Dynamic versus static stress triggering and friction parameters: Inferences from the November 23, 1980, Irpinia earthquake.
Voisin, C; Campillo, M; Ionescu, IR; Cotton, F; Scotti, O.
JOURNAL OF GEOPHYSICAL RESEARCH-SOLID EARTH, 105: (B9) 21647-21659.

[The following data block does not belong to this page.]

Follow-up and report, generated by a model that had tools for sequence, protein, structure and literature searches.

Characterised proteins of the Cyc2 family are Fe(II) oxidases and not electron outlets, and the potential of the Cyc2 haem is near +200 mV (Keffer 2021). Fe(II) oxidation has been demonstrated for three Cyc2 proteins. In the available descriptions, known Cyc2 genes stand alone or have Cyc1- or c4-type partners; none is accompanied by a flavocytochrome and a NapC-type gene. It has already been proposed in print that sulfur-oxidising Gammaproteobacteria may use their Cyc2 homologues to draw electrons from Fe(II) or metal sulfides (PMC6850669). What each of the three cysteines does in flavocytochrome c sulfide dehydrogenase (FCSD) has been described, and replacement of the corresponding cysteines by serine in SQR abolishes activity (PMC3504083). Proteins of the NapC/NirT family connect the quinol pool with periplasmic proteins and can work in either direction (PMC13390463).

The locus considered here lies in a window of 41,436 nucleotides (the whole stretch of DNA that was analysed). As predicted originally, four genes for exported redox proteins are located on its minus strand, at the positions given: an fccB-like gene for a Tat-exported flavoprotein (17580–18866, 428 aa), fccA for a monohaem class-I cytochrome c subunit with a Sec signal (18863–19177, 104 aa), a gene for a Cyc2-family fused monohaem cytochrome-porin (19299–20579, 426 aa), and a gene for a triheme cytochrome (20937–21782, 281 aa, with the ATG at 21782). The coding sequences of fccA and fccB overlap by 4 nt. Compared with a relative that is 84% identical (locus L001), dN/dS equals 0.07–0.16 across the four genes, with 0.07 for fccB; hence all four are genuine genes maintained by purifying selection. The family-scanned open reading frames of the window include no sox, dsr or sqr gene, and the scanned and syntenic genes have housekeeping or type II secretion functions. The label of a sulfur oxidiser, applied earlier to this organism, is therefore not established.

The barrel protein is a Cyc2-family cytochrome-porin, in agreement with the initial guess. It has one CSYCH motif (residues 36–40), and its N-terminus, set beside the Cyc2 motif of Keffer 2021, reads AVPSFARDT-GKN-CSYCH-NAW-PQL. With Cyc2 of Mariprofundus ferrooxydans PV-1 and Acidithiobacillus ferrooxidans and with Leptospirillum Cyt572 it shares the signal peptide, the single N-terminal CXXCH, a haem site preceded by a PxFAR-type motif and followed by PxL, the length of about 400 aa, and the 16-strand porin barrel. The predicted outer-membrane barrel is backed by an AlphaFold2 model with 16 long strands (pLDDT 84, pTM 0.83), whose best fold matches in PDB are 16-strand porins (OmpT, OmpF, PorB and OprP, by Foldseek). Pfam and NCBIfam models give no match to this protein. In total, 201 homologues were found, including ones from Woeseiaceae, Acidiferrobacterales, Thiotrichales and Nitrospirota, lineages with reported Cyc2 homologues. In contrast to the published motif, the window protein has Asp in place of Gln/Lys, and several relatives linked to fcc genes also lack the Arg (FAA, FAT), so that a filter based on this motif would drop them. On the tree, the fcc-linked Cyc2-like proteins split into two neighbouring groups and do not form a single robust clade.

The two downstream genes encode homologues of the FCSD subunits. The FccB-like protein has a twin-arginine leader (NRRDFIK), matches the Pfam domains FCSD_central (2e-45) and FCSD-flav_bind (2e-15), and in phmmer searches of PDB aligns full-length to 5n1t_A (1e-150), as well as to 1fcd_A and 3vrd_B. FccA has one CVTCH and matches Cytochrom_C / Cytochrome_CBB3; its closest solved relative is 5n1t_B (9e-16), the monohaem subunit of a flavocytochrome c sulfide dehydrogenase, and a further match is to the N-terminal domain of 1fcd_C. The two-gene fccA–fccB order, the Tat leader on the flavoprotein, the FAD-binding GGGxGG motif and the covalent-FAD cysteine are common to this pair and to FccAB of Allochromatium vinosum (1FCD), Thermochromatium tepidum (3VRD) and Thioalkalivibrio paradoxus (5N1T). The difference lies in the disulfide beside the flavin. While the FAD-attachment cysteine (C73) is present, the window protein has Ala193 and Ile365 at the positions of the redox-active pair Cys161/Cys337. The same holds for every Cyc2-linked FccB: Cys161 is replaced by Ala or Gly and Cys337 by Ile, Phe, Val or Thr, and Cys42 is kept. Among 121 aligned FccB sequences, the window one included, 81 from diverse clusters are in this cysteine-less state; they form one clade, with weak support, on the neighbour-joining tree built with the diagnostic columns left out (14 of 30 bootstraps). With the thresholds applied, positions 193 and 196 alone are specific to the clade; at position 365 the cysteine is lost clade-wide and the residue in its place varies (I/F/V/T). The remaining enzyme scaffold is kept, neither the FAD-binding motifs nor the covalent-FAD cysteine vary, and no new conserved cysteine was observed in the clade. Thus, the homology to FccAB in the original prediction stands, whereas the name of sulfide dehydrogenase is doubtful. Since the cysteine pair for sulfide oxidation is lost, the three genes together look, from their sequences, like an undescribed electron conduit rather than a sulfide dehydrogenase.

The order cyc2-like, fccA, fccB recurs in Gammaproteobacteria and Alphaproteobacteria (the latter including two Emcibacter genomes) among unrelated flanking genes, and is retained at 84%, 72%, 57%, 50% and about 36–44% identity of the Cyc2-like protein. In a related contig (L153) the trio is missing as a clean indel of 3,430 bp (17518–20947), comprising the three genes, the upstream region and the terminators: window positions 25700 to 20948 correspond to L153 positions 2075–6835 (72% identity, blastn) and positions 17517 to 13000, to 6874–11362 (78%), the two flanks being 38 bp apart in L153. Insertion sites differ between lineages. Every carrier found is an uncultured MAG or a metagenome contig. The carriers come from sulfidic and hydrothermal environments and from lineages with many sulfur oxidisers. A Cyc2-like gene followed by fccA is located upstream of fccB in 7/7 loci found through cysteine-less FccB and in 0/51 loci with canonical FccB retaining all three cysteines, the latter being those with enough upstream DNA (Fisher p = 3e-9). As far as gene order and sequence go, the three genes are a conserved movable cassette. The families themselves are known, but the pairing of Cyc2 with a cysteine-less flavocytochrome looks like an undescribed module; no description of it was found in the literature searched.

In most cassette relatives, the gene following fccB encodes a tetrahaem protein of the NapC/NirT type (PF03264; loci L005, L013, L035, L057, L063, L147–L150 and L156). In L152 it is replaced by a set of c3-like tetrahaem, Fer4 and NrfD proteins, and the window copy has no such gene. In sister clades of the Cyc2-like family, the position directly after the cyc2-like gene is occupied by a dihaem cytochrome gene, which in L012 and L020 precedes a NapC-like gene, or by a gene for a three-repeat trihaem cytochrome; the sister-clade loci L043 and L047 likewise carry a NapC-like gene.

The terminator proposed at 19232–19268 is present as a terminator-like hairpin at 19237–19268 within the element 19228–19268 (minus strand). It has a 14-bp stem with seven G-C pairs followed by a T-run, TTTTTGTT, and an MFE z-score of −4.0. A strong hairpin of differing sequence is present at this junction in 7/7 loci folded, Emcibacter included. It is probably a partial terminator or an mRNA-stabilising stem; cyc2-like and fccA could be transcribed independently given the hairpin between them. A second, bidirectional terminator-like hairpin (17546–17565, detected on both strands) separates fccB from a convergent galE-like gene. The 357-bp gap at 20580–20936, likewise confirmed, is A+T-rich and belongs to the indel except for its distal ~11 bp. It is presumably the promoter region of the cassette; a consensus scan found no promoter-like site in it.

This paper concentrates on the problem of fault interaction and earthquake triggering through the 1980 Irpinia, Italy, sequence. More specifically, this paper deals with the problem of the triggering of the second subevent by the mainshock. The interaction between the two segments is modeled through a dynamic Coulomb failure function. The aims of this paper are, first, to discriminate between the dynamic and the static stress effects on the triggering, if these effects exist, second, to estimate the fault strength relative to the initial state of stress, third, to determine the parameters of a slip-dependent friction law that lead to the observed delay of 20 s. Numerical simulations show that the critical slip D-c may range from 0.03 m up to 1.7 m, and that the initial slope of the friction law mu'(0) must be lower than 0.04 m(-1). We show that the relative magnitude of the fault strength and the initial state of stress govern the existence and value of a D-c lower threshold under which the fault always ruptures before 13 s. A close to failure fault is not consistent with a critical slip D-c less than 0.8 m, whereas small values of D-c, typically 0.03 m, imply a far from failure fault. General results concern the effect of a dynamic stress pulse. We show that an event can be triggered by a transient stress pulse and that in this case the event can have an initiation duration much longer than the, pulse duration. We show that it is possible to explain both the triggering: and the time delay only with the effect of the transient stress pulse. This may explain aftershock triggering even in regions of negative Coulomb failure function or long distance triggering of earthquakes by propagating waves.